Undefeatable (1993)

PLOT: It’s a race against time as a mulleted martial-arts killer named Stingray is pursued by police and a street-fighting waitress avenging her sister’s death. How long will the carnage go on before Stingray is stopped? Only 90 minutes, because that’s the runtime of the film.

Director: Godfrey Ho
Writer: Steve Harper, Robert Vassar, Tai Yim
Cast: Cynthia Rothrock, Don Niam, John Miller, Donna Jason, Sunny David, Gerald Klein


The cost of attending college has steadily risen each decade for the last 30 years. Grants and scholarships can help, but the supply for these financial gifts is limited. As a result, many students and their families take out huge loans in order to pay for tuition. Those who can’t absorb that kind of debt might instead attend community college, or in some cases, forgo higher education entirely. Still, others pay their way through school by working part-time.

In Godfrey Ho’s 1993 epic Undefeatable, pre-med student Karen Jones can’t be bothered to get off her ass and get a fucking job. Instead, her older sister, Kristi, battles in underground Baltimore street fights for her tuition money. (Street fighter ranks #3 on experts’ annual list of jobs for easy college cash, sandwiched between library assistant and stripper). Kristi’s involvement in the world of street fighting is certainly not without its hazards. The money is dirty and fights are organized and overseen by mobsters. The fighters are often desperate men dressed in accessories culled from yard sales. Worse, the cops are always on the hunt to break up the illegal throwdowns. After all, it’s not like there are worse things going on in Baltimore.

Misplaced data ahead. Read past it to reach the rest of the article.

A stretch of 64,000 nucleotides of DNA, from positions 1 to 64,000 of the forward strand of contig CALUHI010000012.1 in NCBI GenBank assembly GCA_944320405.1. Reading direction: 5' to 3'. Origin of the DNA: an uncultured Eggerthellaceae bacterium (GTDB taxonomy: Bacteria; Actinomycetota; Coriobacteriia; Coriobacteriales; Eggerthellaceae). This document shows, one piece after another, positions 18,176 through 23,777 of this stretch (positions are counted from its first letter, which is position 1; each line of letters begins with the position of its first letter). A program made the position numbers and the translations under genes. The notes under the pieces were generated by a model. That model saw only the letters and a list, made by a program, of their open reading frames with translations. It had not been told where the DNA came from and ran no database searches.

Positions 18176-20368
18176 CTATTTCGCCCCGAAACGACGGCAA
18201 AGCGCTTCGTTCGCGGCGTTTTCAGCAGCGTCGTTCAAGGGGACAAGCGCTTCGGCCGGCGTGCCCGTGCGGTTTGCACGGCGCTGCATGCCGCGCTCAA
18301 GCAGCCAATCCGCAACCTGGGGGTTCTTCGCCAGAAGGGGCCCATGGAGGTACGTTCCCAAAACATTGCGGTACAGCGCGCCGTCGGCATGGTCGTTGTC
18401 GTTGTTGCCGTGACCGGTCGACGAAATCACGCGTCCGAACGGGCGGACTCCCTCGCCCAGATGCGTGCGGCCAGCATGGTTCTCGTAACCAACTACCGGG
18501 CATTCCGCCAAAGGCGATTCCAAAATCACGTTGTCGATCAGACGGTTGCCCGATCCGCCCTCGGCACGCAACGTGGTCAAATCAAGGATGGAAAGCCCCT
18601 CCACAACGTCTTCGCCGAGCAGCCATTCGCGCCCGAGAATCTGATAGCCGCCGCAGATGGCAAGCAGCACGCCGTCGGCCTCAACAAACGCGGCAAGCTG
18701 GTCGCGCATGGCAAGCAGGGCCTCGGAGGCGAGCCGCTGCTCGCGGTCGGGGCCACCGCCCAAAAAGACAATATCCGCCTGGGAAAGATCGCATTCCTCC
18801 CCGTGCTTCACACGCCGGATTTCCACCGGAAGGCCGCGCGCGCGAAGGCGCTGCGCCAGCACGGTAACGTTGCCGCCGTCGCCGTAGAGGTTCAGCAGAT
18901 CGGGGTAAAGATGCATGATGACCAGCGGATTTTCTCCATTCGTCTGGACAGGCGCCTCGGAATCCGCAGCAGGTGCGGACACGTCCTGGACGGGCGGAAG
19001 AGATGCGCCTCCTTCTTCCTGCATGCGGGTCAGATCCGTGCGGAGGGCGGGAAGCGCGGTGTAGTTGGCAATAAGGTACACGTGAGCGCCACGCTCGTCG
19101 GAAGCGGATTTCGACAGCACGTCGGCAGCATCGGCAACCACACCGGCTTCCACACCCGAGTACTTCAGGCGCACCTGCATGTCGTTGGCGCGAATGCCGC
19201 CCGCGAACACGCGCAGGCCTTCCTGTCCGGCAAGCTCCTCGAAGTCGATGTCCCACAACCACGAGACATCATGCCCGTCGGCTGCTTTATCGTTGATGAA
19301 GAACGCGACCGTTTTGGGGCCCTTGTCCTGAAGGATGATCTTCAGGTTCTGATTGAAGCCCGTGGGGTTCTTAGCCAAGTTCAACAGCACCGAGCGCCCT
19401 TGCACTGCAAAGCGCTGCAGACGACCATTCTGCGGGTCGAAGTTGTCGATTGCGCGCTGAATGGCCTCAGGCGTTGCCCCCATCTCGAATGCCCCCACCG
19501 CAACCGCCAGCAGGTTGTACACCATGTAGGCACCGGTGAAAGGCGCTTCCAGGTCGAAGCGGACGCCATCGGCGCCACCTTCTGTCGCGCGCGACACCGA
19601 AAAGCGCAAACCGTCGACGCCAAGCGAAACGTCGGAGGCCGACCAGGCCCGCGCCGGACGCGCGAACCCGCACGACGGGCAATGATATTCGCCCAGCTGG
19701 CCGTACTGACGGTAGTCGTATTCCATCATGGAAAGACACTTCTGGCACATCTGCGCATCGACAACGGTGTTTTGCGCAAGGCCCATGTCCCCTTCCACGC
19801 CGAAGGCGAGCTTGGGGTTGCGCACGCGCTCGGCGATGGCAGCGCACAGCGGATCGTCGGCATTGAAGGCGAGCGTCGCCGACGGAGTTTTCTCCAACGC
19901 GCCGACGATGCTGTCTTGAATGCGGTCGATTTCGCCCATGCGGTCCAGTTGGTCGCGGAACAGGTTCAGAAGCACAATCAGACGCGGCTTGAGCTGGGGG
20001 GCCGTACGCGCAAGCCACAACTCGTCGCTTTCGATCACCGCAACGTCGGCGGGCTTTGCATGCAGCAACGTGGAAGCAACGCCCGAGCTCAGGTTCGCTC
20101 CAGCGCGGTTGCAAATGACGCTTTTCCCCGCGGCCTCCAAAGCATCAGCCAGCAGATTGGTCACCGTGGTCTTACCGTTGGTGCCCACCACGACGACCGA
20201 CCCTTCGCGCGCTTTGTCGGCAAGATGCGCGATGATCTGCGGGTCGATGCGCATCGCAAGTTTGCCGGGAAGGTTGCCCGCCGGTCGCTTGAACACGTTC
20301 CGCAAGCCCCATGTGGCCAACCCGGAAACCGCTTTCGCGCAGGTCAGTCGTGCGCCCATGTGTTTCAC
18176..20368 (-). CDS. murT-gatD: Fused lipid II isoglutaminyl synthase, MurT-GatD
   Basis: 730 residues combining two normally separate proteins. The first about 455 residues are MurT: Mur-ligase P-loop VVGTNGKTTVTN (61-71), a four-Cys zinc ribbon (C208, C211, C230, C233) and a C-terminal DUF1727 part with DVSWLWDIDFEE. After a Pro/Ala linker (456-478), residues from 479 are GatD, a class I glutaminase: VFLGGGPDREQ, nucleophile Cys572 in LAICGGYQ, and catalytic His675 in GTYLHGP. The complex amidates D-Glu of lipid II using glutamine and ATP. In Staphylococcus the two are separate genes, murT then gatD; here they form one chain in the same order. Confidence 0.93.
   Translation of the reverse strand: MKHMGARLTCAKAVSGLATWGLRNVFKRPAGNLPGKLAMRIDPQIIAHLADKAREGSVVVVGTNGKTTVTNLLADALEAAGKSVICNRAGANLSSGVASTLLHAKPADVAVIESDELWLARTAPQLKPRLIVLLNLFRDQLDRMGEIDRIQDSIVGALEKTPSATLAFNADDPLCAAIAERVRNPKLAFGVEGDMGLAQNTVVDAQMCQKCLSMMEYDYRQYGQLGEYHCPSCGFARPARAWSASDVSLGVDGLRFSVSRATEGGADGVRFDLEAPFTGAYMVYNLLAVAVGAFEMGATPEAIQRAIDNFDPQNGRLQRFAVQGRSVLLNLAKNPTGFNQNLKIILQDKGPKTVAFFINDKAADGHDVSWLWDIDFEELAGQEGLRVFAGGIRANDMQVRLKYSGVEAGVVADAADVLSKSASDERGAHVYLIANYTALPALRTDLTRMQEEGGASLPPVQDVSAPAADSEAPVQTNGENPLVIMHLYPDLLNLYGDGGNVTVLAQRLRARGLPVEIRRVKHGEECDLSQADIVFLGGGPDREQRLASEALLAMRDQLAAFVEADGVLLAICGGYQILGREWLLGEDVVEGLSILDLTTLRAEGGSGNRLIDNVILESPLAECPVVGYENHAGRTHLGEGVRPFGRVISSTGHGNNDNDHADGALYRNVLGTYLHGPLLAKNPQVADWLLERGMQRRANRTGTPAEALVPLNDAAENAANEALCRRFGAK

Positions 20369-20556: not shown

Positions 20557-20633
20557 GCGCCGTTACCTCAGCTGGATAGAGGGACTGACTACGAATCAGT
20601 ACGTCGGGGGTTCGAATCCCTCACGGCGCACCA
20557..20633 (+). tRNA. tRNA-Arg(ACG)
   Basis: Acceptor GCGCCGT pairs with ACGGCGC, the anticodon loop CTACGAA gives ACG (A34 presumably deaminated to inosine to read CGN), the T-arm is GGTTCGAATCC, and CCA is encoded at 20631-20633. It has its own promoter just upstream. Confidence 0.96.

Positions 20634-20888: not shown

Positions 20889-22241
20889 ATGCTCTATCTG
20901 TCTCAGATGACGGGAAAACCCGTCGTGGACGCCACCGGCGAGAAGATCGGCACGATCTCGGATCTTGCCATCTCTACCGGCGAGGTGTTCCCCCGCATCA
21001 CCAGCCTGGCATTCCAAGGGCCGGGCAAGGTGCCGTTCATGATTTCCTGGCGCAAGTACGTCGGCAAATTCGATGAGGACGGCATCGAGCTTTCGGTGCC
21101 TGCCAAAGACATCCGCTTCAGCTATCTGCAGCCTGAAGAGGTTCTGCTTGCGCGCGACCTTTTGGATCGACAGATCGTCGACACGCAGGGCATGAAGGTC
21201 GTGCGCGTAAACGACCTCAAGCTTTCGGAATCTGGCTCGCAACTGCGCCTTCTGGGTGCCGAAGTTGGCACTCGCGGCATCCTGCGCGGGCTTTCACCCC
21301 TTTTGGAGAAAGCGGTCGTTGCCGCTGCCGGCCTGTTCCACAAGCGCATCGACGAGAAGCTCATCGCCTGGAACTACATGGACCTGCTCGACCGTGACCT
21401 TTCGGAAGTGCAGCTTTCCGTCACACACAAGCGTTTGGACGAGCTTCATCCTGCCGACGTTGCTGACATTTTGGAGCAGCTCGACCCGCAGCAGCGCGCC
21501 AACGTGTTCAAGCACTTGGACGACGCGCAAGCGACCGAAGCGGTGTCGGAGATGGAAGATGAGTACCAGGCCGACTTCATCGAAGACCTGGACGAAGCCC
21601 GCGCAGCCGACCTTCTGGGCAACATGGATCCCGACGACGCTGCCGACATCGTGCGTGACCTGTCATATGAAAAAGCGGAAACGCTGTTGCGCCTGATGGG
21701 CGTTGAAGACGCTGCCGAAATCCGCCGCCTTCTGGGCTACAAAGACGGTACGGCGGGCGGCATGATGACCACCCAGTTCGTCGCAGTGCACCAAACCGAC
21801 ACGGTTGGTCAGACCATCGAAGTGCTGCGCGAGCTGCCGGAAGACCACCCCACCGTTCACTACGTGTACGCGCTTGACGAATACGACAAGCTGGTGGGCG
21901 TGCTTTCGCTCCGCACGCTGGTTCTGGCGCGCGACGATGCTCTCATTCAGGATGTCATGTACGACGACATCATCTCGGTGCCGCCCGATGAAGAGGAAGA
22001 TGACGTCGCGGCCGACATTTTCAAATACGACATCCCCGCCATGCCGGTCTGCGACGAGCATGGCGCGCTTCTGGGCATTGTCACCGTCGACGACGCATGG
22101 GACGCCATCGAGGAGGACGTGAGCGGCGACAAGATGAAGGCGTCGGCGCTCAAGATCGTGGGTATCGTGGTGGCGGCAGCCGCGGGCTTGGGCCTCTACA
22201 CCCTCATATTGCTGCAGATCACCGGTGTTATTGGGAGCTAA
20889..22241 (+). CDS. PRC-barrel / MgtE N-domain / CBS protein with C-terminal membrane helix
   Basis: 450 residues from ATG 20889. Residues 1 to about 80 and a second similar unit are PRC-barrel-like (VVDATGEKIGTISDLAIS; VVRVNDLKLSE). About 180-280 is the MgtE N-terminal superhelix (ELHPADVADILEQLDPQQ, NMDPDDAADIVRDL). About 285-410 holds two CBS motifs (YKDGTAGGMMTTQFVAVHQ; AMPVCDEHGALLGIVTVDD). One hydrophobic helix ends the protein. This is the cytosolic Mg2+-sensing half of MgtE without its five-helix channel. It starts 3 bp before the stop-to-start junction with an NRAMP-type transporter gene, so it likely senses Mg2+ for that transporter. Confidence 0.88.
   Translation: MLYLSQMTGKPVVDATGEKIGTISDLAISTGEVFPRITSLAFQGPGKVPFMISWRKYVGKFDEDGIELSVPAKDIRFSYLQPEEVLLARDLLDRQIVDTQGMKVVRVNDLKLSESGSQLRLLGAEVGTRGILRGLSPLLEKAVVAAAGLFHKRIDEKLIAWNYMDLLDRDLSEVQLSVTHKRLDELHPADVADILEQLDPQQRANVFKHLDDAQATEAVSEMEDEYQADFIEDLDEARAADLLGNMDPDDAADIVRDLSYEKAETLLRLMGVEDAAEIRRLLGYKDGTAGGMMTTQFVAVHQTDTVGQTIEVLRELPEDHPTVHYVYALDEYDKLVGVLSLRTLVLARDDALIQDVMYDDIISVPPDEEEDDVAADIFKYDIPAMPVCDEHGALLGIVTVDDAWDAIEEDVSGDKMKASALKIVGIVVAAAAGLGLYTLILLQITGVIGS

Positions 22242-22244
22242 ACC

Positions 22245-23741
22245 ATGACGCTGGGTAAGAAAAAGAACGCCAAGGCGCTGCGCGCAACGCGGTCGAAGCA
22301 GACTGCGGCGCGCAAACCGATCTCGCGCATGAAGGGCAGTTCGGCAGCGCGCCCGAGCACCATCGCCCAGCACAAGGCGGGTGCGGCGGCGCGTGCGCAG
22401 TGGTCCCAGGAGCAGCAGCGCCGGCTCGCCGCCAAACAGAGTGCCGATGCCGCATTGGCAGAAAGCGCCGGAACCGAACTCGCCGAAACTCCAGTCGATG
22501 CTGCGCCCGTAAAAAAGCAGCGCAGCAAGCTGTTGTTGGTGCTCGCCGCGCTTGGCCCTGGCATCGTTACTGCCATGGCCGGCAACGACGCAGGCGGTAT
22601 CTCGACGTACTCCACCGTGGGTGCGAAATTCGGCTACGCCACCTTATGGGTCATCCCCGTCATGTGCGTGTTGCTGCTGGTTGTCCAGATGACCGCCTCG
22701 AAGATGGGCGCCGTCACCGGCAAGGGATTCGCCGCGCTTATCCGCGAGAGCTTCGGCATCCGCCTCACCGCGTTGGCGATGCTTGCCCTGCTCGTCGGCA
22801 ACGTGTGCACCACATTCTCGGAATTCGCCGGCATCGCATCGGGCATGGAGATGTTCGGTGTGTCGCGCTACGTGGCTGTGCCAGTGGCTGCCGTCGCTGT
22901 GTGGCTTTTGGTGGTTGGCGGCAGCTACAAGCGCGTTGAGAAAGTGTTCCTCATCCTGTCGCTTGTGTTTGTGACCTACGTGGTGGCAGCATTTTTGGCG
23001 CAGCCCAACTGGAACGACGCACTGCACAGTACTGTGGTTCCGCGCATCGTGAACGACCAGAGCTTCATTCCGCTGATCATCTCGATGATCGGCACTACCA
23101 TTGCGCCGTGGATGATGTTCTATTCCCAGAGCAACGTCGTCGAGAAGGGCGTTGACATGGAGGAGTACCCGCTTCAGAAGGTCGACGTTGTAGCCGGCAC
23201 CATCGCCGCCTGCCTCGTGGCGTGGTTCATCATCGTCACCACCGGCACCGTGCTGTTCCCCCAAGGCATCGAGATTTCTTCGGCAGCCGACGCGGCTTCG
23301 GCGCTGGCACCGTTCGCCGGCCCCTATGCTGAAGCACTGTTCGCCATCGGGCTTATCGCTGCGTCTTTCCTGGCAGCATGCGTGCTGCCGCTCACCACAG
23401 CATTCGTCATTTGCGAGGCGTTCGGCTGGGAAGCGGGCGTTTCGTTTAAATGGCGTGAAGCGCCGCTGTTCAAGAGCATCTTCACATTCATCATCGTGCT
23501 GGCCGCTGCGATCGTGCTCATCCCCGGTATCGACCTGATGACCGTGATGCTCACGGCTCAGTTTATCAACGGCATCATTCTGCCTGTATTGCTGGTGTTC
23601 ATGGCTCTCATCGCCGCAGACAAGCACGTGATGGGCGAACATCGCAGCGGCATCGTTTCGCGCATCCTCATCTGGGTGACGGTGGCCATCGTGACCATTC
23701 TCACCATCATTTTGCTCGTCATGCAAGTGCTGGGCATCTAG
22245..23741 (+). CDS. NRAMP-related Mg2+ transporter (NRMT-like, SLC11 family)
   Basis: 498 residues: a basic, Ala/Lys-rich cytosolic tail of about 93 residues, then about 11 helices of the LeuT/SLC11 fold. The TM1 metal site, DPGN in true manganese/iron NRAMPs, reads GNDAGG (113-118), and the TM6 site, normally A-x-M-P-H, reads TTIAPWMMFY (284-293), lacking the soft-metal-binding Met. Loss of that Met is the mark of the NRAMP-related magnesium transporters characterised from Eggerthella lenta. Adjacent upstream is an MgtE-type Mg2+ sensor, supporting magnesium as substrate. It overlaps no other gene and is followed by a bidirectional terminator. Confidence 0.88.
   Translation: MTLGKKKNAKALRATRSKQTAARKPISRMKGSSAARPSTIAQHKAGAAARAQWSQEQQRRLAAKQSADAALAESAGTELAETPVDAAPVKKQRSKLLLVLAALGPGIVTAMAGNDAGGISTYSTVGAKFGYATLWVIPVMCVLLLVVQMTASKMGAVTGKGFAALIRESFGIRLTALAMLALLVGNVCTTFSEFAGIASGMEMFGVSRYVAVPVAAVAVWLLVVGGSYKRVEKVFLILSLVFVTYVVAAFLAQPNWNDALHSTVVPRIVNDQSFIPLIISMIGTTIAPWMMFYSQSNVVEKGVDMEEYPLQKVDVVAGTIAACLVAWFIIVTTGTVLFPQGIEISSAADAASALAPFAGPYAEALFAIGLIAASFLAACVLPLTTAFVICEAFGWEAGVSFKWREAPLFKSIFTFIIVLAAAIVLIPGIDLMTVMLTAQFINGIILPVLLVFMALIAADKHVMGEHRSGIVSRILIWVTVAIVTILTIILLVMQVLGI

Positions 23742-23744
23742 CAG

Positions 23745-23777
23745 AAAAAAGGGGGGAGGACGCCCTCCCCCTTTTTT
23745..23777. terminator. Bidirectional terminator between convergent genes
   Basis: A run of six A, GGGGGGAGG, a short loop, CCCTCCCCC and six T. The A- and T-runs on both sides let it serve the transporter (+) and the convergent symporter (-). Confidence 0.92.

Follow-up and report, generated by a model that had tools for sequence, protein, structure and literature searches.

It’s during the latest of these fights that Kristi crosses paths with Nick DiMarco. Martial arts enthusiast, homicide detective, basketball fan, and overpriced coffee lover, DiMarco is a straight-laced cop who sees nothing but dead ends in Kristi’s choice of thug life. After arresting her for fighting and then pocketing her winnings, he encourages her to reject the horrible cycle of violence and quit her gang, the Red Dragons. Like the Bloods and Crips before them, the Dragons are fond of leather jackets, aren’t enrolled in college, and are comprised mostly of Asian guys. Despite protests from DiMarco and her sister, Kristi doesn’t want to quit fighting only to die poor and feeble. In her mind, waitressing and fighting in the streets fit together to form a Voltron of financial stability.

Perched atop the higher end of the underground fighting circuit is Paul, better known by his street name of Stingray. While his life would appear to be pure bliss -- big paydays, Plymouth minivan, no children -- his wife, Anna, has been seeing a therapist and spilling the beans about her hubby’s increasingly violent behavior. Flowers in hand, he returns home after his latest fight to find his wife cooking steak for dinner. But Stingray’s in the mood for something entirely different: random and horrific sexual violence. During the entirety of the assault on his wife, Stingray reminisces about pummeling a recently vanquished opponent while the steak burns in the background. Only a director of Godfrey Ho’s skill would dare offer this kind of visual commentary on violent misogyny and overcooked food. What's the significance? I DON’T KNOW!